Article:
Edgewood students receive preventive dental care at the HSC
By Rosanne Fohn
Carlos Solis has never been fond of going to the dentist, but on his recent visit to the Dental School at the UT Health Science Center San Antonio, the second-grader felt more comfortable than usual. “He was much more confident today,” said his mother, Maria Solis.
Carlos is one of more than 650 second-graders from Edgewood Independent School District who visited the Dental School Feb. 3 and 10 as part of National Children’s Dental Health Month activities.
Prevention and education
The children received dental screenings, fluoride treatments and dental sealants from more than 350 dental students and 60 dental hygiene students, working under the supervision of over 50 faculty members.
The dental health undergraduates also taught the children how to brush their teeth, and gave them a goodie bag with a dental health coloring book, toothbrush and floss to help reinforce good oral health habits.
Parents were given a full report from the screening, including any recommendations for follow-up care, through school nurses at the five elementary schools participating in the screenings.
“This is always a fun event for us,” said Gary Guest, D.D.S., coordinator of the dental sealant program and assistant dean for predoctoral clinics. “We actually have been working with the Edgewood students for 11 years, even before the American Dental Association started National Children’s Dental Health Month activities.”
Sealants help prevent cavities
“We chose second-graders for a reason,” he continued. “Most have gotten their first permanent molars by now. By sealing those teeth with dental varnish, we are helping to prevent a lot of dental caries. I like to think we’ve had a major impact on dental health in San Antonio over the 11 years we’ve been doing this program. We’ve probably put sealants on the teeth of more than 6,000 children,” Dr. Guest said.
Building confidence among dental and dental hygiene students
While the children had a fun, educational outing, they weren’t the only ones learning and building confidence. This is the first time first-year dental students had the chance to work in the dental clinic. “This is definitely a mentoring opportunity,” Dr. Guest said. “First-year dental students are paired with fourth-year students, and second-year students worked with third-years. It gives them the chance to share their knowledge,” Dr. Guest said.
Benjamin Vuong was clearly enjoying the experience. “I’ve gone on a couple of dental trips to the border as a volunteer, but this is the first time I’ve had the chance work in the clinic,” Vuong said. “Here you see what you are looking forward to doing in the profession, so it’s a big motivator. Every time we see a patient they leave a little better than when they came in.”
Shelly Verma, a fourth-year dental student mentoring Vuong and another first-year student, Azin Zamani, added, “They’re doing a great job. I remember what it was like where they are. I like to give them a little independence and let them tell me what they see (in the children’s mouths), then I confirm it. It helps build their confidence,” she said.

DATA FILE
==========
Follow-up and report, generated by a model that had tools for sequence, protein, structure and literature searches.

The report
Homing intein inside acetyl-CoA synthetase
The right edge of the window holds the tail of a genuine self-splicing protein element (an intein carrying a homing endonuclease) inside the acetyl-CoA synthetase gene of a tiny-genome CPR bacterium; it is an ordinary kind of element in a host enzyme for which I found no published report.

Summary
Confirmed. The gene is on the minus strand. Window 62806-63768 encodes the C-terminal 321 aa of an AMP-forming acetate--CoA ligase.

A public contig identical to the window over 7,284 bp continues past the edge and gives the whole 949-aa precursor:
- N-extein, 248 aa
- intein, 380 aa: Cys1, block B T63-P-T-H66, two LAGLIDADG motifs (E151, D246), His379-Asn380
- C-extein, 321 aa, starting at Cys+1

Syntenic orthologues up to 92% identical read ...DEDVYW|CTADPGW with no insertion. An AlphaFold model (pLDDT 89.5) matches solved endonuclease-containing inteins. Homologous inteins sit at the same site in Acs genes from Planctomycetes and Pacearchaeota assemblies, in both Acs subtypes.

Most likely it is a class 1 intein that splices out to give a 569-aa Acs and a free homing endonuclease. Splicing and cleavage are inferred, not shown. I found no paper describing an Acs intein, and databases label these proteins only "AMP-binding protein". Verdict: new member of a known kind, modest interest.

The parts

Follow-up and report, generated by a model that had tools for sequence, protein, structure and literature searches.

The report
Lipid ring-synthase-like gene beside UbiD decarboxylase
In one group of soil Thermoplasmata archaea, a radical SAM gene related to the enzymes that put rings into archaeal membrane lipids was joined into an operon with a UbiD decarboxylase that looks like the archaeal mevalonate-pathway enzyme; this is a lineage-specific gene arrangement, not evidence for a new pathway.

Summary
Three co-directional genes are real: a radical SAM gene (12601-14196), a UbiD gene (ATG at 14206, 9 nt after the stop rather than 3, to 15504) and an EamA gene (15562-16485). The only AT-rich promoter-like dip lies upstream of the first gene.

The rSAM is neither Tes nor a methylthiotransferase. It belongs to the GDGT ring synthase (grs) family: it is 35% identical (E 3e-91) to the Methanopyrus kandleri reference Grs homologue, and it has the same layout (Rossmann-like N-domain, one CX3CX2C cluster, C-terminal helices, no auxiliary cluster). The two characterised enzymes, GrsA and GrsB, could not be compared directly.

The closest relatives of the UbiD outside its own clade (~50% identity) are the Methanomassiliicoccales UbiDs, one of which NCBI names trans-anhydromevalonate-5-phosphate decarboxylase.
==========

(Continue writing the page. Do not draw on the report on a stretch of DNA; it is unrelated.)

Neha Jonwal, a senior dental hygiene student, agreed that the experience was valuable. “We have placed sealants on each other, but this was my first time to place sealants on children. I’ve learned how important it is to explain to the children what you are going to do, step by step. I’ve also learned how to be quick and effective and to always use positive reinforcement to get their compliance.” The Department of Dental Hygiene, part of the School of Health Professions, is under the leadership of Taline Dadian Infante, M.S., RDH, associate professor and interim chair.
Conquering fear and developing better habits
Watching the children being ushered in and out of exam rooms, Michele Flores, RN, director of health services at Edgewood, said the field trip brings many benefits to the children. “This helps get the children ready for school testing this spring, because some may not see a dentist on a regular basis. I have been shocked by some of the things they (the dental and dental hygiene students) find — sometimes really bad abscesses. Those children would not be able to concentrate at school with that pain. It also helps the children not be afraid of going to the dentist. If they continue with the good habits they learn here about brushing their teeth, they will be healthier.
“Our hope, too, is that this might pique the children’s interest in becoming a dentist or dental hygienist. We are very blessed to have this available to our children,” Flores said.
The Dental Sealant Program would not be possible without the support of the Harvey E. Najim Family Foundation, which provided some of the dental supplies, and longtime sponsor Methodist Healthcare Ministries of South Texas Inc., which paid for supplies and has upgraded equipment used in the sealant clinics over the years. “A good example of this is the hand-held lights used to cure the dental sealants,” Dr. Guess said. “We are very grateful to the Najim Family Foundation and Methodist Healthcare Ministries for helping us offer free dental care and education to the children, and to better prepare our own students for practice,” he said.
A sealant in private dental practice costs about $45. More than 1,200 sealants were applied this year, so the value of these services to the 650 children seen at the Health Science Center is more than $50,000, not counting the professional services provided at no cost by the Dental School and Department of Dental Hygiene.
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